Russian hackers stole and sold passwords belonging to British politicians


An investigation by the Times has found that passwords belonging to British officials have been traded by Russian hackers. The passwords and email addresses of tens of thousands of politicians, senior police officers and diplomats were sold or swapped following an attack on LinkedIn in 2012.

As well as LinkedIn, some information seems to have been garnered from MySpace. The credentials for politicians, including education secretary Justine Greening and business secretary Greg Clark, were initially put on the market for sale or trade, but were later made available free of charge.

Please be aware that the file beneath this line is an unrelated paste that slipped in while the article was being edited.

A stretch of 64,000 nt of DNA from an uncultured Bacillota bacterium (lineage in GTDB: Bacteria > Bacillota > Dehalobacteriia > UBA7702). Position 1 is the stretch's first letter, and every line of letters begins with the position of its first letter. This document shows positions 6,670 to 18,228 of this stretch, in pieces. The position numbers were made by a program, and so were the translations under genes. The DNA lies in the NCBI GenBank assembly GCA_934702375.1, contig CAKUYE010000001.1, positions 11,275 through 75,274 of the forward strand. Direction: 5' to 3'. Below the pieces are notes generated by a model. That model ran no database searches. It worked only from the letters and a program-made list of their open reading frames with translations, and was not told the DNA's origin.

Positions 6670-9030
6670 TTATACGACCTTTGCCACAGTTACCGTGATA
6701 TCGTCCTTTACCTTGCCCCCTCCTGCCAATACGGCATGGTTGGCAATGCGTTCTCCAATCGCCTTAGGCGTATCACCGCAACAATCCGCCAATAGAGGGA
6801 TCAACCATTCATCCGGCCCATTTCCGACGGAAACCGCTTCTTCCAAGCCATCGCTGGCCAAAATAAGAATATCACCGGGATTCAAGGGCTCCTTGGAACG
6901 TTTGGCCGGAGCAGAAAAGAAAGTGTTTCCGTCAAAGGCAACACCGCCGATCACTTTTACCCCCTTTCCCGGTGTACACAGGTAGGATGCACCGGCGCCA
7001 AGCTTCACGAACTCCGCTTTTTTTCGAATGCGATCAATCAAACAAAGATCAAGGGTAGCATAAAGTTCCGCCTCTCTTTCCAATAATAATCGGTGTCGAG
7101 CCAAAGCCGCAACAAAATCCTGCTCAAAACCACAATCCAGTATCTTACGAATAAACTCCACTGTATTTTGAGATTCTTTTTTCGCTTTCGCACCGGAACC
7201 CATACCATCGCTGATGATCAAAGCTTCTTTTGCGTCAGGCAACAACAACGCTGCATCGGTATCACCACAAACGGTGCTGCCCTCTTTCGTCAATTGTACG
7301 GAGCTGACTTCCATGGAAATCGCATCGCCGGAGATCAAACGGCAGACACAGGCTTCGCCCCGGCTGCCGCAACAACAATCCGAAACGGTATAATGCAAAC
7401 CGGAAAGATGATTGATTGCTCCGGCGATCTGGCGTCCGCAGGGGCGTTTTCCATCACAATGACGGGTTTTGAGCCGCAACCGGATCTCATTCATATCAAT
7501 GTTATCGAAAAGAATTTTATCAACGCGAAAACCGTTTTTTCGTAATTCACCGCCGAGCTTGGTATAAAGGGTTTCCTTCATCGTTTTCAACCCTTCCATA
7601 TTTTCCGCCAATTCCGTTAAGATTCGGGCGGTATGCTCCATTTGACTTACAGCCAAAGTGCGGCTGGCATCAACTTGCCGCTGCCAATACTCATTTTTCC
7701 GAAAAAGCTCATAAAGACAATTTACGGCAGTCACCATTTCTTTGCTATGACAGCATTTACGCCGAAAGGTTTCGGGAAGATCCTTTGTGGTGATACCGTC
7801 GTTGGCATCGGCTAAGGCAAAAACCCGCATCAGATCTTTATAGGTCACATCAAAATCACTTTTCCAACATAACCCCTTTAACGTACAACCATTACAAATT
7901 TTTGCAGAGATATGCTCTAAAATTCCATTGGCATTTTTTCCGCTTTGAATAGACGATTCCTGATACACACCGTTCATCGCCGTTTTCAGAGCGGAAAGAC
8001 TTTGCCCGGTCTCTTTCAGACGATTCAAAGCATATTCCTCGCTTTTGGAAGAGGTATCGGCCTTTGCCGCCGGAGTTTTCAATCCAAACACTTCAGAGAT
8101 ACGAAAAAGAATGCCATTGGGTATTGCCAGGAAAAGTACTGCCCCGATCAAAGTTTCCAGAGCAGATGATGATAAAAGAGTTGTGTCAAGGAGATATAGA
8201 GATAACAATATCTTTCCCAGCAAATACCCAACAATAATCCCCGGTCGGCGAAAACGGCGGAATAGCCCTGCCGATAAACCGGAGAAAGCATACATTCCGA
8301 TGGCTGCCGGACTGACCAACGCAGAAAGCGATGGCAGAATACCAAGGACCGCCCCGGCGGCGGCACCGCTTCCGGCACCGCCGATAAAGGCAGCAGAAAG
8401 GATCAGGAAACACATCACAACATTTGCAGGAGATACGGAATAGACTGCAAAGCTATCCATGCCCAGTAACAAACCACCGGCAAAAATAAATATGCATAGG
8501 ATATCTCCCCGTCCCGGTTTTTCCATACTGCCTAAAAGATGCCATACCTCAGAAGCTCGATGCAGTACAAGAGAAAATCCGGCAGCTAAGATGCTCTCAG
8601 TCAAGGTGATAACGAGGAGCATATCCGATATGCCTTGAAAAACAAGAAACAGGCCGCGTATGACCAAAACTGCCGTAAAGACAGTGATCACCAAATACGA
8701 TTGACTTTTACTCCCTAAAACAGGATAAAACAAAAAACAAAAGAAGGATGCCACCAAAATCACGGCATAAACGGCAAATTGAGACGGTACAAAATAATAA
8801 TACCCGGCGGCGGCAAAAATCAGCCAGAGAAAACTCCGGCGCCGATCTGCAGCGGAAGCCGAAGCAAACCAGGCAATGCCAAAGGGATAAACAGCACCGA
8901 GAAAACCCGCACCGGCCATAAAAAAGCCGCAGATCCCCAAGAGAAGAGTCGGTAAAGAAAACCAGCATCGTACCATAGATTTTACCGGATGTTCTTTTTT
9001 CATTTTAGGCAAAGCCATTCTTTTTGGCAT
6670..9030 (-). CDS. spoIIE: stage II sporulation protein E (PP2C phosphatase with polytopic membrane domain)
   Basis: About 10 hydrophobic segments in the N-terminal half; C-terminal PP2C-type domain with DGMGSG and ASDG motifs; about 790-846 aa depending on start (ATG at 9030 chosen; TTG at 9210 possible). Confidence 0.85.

The National Cyber Security Centre has issued security advice to affected departments in the light of the Times' investigation. The UK government is downplaying the significance of the findings, referring to it as an "historical incident."

Following the 2012 attack on LinkedIn, users were warned to change their passwords on other sites if they used the same ones elsewhere, and this warning was repeated last year when it became clear that the information was being sold online. A government spokesperson said:

When it took place, LinkedIn gave advice that people should change their passwords. Anybody who is no longer using the password will not have had their account breached.

Image credit: igorstevanovic / Shutterstock

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